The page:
This is a great adventure story of a boy living in the English fourteenth-century countryside whose parents died and not only was he on his own, but accused of a crime and labeled a “wolf’s head” – making him open to death by anyone. The very large magician, Bear, adopted him and taught him to think for himself. As they travel through the countryside Bear also teaches Crispin how to defend himself, which will be very necessary when he has to save Bear’s life and his own.
I loved this book for its content and historical value. It gives a fresh new look at the three most infamous dictators of Europe and the havoc wreaked upon the world during their lives and the after effects once they were dead.
This Newbery Award winning children’s story follows the life of an orphan girl, who can’t even remember having a real name, let alone a real home. She is taken in by a medieval village midwife but not out of kindness. The midwife wants an assistant who will do all the chores and be thankful for a roof over her head and a few scraps of bread. But by the end of the story our young woman has found a name and made a place for herself in the world. An interesting look at a part of history rarely covered in children’s literature.
When Roland’s teacher gives him an unusual assignment instead of punishment for shoplifting, he thinks he is home free. All he has to do is find out what he can about a classmate, Jess Ferret, and report back to his teacher. But there is something less than straightforward about this request, especially because the more Roland learns about Jess, the more confused he becomes. Her house is sinisterly tidy, her parents are never home, mysterious books line the bookshelves, and, most intriguing of all, Jess is apparently a student of alchemy. Why is Roland’s teacher so interested in Jess? Why has a shady magician from Roland’s past suddenly come back into his life? What exactly are the voices in Roland’s head cautioning him against? And what is the reason for Jess Ferret’s knowledge about alchemy? In searching for answers Roland finds himself trapped in a mysterious web of magic, power, and greed. This is the story of a terrifying war of magic versus willpower, told only as award-winning author Margaret Mahy can.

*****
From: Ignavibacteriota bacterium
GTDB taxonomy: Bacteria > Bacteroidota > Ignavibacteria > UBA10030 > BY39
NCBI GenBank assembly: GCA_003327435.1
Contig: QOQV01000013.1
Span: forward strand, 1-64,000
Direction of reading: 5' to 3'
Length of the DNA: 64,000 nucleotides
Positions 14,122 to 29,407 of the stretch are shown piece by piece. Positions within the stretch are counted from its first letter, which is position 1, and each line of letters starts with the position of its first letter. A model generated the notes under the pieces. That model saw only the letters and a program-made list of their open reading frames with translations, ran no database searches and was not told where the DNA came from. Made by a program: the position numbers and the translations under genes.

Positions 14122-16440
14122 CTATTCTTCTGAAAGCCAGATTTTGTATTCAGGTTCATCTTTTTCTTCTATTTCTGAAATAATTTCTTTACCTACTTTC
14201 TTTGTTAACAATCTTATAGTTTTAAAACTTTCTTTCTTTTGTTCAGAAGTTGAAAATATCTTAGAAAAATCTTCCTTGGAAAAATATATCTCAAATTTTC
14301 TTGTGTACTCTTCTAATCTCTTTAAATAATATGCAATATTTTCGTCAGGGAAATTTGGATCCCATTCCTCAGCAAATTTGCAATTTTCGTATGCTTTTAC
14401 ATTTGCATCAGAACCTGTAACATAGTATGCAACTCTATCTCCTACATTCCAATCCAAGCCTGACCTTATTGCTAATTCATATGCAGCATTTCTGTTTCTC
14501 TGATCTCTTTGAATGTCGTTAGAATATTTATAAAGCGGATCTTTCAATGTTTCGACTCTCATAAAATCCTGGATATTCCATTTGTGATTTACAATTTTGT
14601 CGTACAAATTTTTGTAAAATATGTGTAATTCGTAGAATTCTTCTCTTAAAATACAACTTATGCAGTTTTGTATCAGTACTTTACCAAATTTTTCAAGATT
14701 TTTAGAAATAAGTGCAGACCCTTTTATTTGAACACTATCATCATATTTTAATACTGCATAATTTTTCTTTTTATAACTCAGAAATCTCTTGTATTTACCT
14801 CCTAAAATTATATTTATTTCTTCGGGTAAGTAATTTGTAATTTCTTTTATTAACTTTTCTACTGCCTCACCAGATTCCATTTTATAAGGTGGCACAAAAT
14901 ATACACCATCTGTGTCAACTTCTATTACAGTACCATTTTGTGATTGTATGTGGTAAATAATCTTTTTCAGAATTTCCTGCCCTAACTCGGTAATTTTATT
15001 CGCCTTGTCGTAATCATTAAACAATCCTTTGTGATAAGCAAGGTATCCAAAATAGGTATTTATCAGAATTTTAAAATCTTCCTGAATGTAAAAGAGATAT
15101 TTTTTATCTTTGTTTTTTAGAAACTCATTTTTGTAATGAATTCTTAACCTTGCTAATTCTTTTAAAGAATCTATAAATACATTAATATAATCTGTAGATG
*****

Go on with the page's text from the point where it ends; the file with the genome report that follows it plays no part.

Six-year-old Annie’s world is shattered when she is forced to carry a horrible secret: Under the pretense of reading to her, an older boy molests her, threatening her if she ever tells. Only when her mother pries out the secret is Annie released from her horror and isolation. Slowly she begins to heal, and before the summer is over, she even learns to swim.
This year, as in other years, Lily has planned a spectacular summer in Rockaway, in her family’s cozy house on stilts over the Atlantic Ocean. But by the summer of 1944, World War II has changed almost everyone’s life. Lily’s best friend, Margaret, and her family have moved to a wartime factory town, and worse, much worse, Lily’s father is on his way overseas to the war.
There’s no one else Lily’s age in Rockaway until Albert comes, a refugee from Hungary, a boy with a secret sewn into his coat. Albert has lost most of his family in the war; he’s been through things Lily can’t imagine. But when they join together to rescue and care for a kitten, they begin a special friendship. For Lily and Albert have their own secrets to share: they both have told lies, and Lily has told a lie that may cost Albert his life.
Just before summer begins, 13-year-old Ali finds an odd photograph in the attic. She knows the two children in it are her mother, Claire, and her aunt Dulcie. But who’s the third person, the one who’s been torn out of the picture?
Ali figures she’ll find out while she’s vacationing in Maine with Dulcie and her four-year-old daughter, Emma, in the house where Ali’s mother’s family used to spend summers. All hopes for relaxation are quashed shortly after their arrival, though, when the girls meet Sissy, a kid who’s mean and spiteful and a bad influence on Emma.
Strangest of all, Sissy keeps talking about a girl named Teresa who drowned under mysterious circumstances back when Claire and Dulcie were kids, and whose body was never found. At first Ali thinks Sissy’s just trying to scare her with a ghost story, but soon she discovers the real reason why Sissy is so angry. . . . Mary Downing Hahn is at her chilling best in this new supernatural tale that’s certain to send shivers down her readers’ spines.